On its surface, Path is a photo-sharing service. The catch, however, is that you are limited to sharing with 50 friends...maximum.
Obviously, this is a very different approach than Twitter, Facebook or Flickr, where there's that race to build up followers and friends. This anti-social network isn't necessarily a deterrent, because I'm sure there is a market for a more personal photo sharing service like this.
And while limiting network size is refreshing, there are a couple of potential obstacles in the path that Path has taken.
1. Photo-sharing standards thrown out the window.
- No ability to comment or like any photos on Path.
- No editing ability or filters, a major draw for current popular photo-sharing apps like Instagram.
- Limited tagging allowed. With Path, there are three categories to tag with each picture (People, Place, and Thing), but you can only create one tag for each category.
- No external social media integration, which means you can't share Path photos to Facebook, Twitter, etc.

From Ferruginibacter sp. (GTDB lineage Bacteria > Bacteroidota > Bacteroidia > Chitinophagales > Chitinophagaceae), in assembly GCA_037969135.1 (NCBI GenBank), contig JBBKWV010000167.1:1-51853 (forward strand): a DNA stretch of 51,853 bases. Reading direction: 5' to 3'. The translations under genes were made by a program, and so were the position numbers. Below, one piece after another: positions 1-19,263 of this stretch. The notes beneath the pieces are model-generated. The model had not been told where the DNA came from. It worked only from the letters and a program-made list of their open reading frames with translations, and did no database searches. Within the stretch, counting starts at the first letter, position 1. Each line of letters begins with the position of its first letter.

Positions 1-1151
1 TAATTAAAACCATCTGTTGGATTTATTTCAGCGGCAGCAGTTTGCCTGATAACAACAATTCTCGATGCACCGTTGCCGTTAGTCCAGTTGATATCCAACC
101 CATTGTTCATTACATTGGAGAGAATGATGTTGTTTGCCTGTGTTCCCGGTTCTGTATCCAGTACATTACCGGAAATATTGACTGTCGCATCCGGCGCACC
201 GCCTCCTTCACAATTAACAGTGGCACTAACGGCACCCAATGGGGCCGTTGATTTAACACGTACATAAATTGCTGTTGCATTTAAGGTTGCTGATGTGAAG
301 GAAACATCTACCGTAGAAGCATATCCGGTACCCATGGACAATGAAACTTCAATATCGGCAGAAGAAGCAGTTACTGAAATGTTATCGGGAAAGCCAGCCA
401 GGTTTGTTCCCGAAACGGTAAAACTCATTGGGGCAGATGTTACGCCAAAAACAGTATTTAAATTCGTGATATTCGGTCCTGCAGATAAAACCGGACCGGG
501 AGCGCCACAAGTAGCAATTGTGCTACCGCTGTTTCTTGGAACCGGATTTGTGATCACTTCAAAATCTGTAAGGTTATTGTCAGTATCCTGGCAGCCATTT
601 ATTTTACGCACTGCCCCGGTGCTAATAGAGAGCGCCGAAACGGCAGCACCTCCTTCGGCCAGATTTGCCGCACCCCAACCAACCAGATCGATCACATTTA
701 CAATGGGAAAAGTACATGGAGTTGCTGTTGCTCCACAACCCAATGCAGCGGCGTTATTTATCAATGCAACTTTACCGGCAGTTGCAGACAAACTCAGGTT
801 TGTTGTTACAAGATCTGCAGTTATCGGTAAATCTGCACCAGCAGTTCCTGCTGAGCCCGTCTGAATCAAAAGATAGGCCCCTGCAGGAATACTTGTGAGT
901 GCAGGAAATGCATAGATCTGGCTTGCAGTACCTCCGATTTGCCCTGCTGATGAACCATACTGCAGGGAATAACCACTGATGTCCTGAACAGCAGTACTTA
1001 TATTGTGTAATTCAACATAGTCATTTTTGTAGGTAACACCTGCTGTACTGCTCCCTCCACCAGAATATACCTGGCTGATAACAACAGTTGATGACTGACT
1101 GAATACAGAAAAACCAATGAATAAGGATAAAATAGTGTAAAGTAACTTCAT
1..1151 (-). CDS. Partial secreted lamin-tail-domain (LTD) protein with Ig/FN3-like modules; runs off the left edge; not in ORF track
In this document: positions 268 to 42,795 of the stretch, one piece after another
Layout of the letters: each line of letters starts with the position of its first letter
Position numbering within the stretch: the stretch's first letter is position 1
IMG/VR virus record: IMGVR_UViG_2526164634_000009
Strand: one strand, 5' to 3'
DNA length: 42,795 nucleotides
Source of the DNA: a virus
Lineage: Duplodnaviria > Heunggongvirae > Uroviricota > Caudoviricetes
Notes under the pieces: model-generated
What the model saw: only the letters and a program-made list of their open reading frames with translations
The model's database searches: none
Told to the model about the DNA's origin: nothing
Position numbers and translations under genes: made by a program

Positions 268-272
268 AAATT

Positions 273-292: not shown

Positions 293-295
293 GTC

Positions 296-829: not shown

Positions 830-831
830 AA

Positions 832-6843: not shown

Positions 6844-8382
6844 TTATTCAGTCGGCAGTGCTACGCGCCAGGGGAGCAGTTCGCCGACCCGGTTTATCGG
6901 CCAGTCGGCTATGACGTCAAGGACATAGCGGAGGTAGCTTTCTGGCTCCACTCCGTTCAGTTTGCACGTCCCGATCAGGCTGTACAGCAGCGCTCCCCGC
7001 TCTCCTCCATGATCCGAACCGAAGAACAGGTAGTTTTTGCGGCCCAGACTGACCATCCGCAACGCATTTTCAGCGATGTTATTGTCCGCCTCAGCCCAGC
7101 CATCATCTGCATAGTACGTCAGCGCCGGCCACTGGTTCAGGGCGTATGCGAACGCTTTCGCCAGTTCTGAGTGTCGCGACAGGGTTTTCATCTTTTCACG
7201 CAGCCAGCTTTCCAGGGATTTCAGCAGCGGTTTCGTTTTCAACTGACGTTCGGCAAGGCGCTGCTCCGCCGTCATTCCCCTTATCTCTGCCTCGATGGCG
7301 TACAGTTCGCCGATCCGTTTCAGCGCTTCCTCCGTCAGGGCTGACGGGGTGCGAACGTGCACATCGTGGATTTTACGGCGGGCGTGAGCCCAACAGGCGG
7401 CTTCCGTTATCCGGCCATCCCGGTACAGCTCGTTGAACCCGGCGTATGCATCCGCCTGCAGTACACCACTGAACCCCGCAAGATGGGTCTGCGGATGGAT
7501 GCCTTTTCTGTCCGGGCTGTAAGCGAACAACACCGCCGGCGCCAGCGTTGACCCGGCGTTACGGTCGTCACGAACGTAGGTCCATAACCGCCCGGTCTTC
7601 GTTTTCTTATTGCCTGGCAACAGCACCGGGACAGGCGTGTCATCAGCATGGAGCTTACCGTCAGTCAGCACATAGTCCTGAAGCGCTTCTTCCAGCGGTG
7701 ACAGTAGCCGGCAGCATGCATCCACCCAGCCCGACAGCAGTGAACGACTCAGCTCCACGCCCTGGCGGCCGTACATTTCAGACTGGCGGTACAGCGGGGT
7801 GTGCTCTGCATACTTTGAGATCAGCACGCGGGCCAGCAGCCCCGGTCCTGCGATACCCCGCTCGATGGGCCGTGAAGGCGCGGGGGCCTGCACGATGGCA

- Currently only available on iPhone. Sorry Android fans, you'll have to wait a while before trying it out (on your phone at least).
- You can't view someone's Path profile unless you are friends with them.
- You can invite people who aren't on Path to join, but email notification settings can't be adjusting outside of "muting" a friend whose updates you don't want to see.
So yes, Path's limited network can be difficult to wrap your head around, especially if you're used to Twitter and Facebook. But if you're looking for this kind of anti-social network, Path may be worth a look.
However, given the lack of features and integration, I personally won't be taking this particular Path.